I know that at KPF in the early 90's Rice grads were thought of more highly than Cornell grads. That may have changed. Frankly what KPF looked for were the folks with graduate degrees from Harvard, Yale, Princeton, and Columbia. Cornell and Penn were close. Most of the really talented Cornell folks that I ran into had graduate degrees from those places. The preferred undergrad schools seemed to vary from year to year. One year it was Oklahoma State, another it was Syracuse.

    Cheers, I disagree with your NewYork centric view of the world. It may have been true in the 80's, but no more. If you want to be on a design fast track you need to get to London, Rotterdam, Paris, Genoa, Basel or New York. It is now a global practice and you need international experience with a top firm on your resume. That one year Rice preceptorship with Renzo, or Foster's office looks pretty good. Find a school that will get you those opportunities.

    rick
  • sashimi46sashimi46 Posts: 482Registered User Member
    I also had to choose between rice and cornell for undergraduate. personally i think 25 students is too small for a class, which means you have a smaller faculty as well...and i prefer ithaca over houston. i have a lot of friends at rice arch as well and they seem to enjoy the program. while rice has a preceptorship program, cornell has studios both in Rome and in NYC. cornell sets you up with NYC internships during your 5th year as well in the NYC studio, so it's like a preceptorship itself. both are def intense and great programs.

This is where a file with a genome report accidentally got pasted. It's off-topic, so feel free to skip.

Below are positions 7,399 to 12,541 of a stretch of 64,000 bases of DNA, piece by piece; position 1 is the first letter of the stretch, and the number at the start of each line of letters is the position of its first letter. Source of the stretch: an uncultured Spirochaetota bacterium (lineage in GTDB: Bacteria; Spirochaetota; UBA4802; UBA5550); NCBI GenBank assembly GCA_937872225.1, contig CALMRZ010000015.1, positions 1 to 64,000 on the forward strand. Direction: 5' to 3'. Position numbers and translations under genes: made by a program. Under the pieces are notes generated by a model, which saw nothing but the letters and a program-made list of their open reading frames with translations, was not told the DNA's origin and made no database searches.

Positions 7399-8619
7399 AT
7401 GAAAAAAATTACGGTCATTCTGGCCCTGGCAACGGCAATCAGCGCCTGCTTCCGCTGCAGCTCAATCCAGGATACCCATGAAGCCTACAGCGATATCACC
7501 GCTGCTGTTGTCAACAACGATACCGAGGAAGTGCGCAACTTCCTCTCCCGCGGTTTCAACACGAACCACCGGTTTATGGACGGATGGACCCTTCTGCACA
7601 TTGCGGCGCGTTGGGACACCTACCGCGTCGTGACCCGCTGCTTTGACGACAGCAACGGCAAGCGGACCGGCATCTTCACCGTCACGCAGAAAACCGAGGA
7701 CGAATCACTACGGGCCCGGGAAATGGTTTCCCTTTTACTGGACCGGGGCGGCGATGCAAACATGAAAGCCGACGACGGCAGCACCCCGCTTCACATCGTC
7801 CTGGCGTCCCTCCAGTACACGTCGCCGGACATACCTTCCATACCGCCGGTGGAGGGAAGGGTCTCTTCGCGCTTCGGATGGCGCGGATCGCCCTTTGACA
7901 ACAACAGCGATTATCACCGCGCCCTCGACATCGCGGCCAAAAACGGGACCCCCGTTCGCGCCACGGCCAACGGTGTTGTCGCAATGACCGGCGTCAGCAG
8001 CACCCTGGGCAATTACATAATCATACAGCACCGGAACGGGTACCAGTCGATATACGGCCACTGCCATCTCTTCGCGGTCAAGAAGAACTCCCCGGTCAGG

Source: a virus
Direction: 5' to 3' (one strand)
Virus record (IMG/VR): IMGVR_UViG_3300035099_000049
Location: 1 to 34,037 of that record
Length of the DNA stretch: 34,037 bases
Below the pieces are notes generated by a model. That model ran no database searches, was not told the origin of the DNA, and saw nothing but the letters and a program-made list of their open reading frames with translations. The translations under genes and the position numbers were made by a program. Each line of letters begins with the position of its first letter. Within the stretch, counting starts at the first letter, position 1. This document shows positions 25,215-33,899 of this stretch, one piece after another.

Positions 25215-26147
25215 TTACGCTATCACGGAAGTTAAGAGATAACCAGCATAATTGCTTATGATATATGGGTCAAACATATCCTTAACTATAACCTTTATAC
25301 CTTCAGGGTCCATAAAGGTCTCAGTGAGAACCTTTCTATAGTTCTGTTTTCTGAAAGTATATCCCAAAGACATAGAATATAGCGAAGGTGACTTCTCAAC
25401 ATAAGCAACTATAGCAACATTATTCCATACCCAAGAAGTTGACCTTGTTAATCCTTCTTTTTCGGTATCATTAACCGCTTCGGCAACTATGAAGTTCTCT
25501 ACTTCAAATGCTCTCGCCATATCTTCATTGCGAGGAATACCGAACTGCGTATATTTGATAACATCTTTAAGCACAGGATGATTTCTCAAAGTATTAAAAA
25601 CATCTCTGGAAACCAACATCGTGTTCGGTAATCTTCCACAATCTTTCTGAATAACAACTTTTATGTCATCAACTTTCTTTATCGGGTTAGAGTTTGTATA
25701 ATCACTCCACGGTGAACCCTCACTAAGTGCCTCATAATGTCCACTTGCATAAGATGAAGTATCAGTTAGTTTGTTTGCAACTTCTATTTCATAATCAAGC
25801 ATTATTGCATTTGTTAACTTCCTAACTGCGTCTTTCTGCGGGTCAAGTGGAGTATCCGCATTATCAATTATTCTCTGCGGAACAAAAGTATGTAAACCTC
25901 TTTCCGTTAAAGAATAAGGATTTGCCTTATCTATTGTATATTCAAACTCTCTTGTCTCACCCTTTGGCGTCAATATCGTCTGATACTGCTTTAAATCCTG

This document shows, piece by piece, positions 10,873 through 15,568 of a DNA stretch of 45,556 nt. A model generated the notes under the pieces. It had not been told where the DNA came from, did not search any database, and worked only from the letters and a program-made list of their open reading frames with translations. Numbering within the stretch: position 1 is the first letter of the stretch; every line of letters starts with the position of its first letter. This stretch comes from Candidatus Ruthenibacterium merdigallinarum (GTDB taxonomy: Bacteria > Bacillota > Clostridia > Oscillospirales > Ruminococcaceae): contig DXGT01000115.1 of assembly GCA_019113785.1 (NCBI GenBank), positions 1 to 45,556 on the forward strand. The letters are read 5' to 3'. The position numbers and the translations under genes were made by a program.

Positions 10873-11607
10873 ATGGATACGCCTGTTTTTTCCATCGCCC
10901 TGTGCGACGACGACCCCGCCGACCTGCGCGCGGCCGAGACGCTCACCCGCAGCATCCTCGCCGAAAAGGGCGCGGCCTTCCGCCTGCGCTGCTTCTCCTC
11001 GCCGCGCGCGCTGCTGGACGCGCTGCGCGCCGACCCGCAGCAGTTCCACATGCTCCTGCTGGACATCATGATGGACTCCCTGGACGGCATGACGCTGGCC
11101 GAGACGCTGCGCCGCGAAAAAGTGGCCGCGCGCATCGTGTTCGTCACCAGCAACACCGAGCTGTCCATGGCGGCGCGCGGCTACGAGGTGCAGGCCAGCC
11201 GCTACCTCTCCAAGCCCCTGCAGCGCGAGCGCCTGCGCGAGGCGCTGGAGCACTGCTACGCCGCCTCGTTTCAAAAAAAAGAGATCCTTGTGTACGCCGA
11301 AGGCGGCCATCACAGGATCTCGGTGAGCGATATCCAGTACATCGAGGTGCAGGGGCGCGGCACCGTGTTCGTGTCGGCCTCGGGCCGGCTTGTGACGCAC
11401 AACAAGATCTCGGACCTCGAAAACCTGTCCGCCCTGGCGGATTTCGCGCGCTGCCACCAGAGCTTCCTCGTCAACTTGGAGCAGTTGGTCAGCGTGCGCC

• posterXposterX Posts: 2,246Registered User Senior Member
    Top architecture programs:
    http://www.di.net/article.php?article_id=173
    Note that not all of these have undergrad programs within the architecture school (Yale does, Harvard does not, etc.)
  • cheerscheers Posts: 5,163Registered User Senior Member
    rick, you and I just agree to disagree. With half the world's cranes currently erected in Shanghai--you've left China off your list completely. Genoa? Basel? Rotterdam? Give me a break. Plus, you've left off LA, home to Gehry and Mayne.

    I've lived on four different continents during my career and built buildings on three different continents. My current client list has about fifteen different nationalities--many of whom are also expatriates from their own countries. My 'global' perspective happens to be at the leading edge, thanks very much.

    The Rice faculty is stunted by insularity of training--an idiotic choice in the global environment of 2007.